The Cleveland Jewish News has a fascinating story on interfaith divorce titled “After divorce: will the children still be raised Jewish?”
The article looks at three former “interfaith” couples who are now divorced; I use “interfaith” in quotes because two of the couples are conversionary, that is, the non-Jewish partner converted for the sake of the Jewish partner.
In all three cases, an understanding during marriage to raise the children exclusively Jewish appears to have been complicated by the non-Jewish partners’ religious decisions after the divorce. In the two conversionary couples, the converted spouse decided after the divorce to re-adopt Christianity:
“Benjamin” is concerned because he doesn’t know what the mother has been telling the girl about Christmas or Christianity. How will he raise a Jewish child when she spends half her time in a home with no Jewish content and perhaps Christian icons and content? Will his ex agree to take the child to Hebrew school? Will she start taking the child to church?
And here’s the story of “Jared,” also a Jewish man whose wife converted for their marriage:
“The minute we got divorced, my ex-wife got a christmas tree. I learned all these things (strong feelings about her Catholicism) she had been holding inside for years that really bothered her,” he said. She started going to church as well. Fortunately, Jared had been proactive: His divorce agreement includes a statement to the effect that “the mother acknowledges the children will be raised Jewishly.”
“She stuck to the idea that we had brought them into the world as Jewish kids, and she agreed to raise them Jewishly,” Jared said. However, as often happens in these situations, professionals say, it became solely Jared’s responsibility to arrange for and drive the children to religious school, synagogue, or bar and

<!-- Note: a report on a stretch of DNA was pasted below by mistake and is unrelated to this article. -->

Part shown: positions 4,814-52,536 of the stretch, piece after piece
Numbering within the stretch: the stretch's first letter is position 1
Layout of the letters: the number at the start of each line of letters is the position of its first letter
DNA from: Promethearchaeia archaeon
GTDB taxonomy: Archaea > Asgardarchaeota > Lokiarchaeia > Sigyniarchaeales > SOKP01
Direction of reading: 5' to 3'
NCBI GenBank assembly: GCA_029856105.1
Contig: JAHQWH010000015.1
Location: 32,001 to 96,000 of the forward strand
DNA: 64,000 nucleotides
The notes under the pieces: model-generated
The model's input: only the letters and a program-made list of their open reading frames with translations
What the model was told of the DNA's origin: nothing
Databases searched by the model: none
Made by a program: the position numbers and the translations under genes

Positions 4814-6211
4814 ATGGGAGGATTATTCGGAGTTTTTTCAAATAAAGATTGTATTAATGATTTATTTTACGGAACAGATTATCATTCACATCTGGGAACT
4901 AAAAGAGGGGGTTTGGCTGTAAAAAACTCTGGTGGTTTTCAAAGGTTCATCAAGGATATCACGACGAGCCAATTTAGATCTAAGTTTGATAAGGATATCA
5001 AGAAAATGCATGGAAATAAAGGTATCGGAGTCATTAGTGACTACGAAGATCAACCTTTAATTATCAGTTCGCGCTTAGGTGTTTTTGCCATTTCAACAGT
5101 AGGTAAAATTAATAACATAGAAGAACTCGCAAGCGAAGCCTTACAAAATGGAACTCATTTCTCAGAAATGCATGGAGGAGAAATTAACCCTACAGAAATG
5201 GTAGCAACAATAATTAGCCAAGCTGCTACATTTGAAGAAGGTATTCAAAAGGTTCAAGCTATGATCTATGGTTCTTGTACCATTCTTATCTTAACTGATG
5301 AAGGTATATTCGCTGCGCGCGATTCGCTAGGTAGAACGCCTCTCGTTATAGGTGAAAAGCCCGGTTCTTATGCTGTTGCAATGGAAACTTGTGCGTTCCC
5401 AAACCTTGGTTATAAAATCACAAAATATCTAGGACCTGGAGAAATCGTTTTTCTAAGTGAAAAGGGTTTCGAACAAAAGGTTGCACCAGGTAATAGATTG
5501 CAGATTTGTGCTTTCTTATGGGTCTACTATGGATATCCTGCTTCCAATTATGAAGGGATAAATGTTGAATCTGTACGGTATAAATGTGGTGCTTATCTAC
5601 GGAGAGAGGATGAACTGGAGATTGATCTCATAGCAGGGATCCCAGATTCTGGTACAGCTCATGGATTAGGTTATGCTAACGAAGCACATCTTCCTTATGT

Moreover, in addition to their formal Jewish education, Jared’s ex told him that she would, on occasion, expose the children to her church as well as something she didn’t see as contradictory to her agreeing to raise them as Jews.
For me, both of these anecdotes attest to the pitfalls of cosmetic conversion. At InterfaithFamily.com, we support people who make the choice to convert, but we don’t push it; when partners convert solely for the sake of their partner, the simmering resentment can lead to more stress, not less, as appears to be the case with Jared and his wife. Or it can provide an illusion of joint religious commitment that’s not really there, as in the case of Benjamin and his wife.
Better for two interfaith partners to be honest with themselves and their partners about their religious attachments, and then make the difficult, but clear-eyed, decision on how they’ll raise the children. In both cases, if the non-Jewish partner had never converted, the couples would have had to have been proactive and come to an agreement how the children would be raised. It’s possible the couples would have never gotten married if both partners were honest about their needs, and it’s possible both couples would have stayed married if they were more honest going into the marriage. Even if they still had gotten married and divorced, there would be fewer questions after divorce about how the child would be raised. Benjamin wouldn’t worry about what impact celebrating Christmas would have on his child because their pre-divorce family would have probably celebrated Christmas in some way.
At the same time, the writer, Ellen Schur Brown, acknowledges that most divorced Jews-by-choice stay Jewish:
“In the clear majority of cases after divorce, the Jewish-by-choice spouse remains involved in synagogue life or Hebrew school and wouldn’t consider anything different,” insists Rabbi [Joshua] Skoff. Rabbi [Eddie] Sukol of Congregation Bethaynu (Conservative) likewise knows of very few Jews-by-choice who leave Judaism when they divorce.
It is a fact that interfaith marriages end in divorce more frequently than inmarriages, but in the same way that religious issues can be tackled and overcome in interfaith marriages, religious issues can be tackled and overcome in interfaith divorces.
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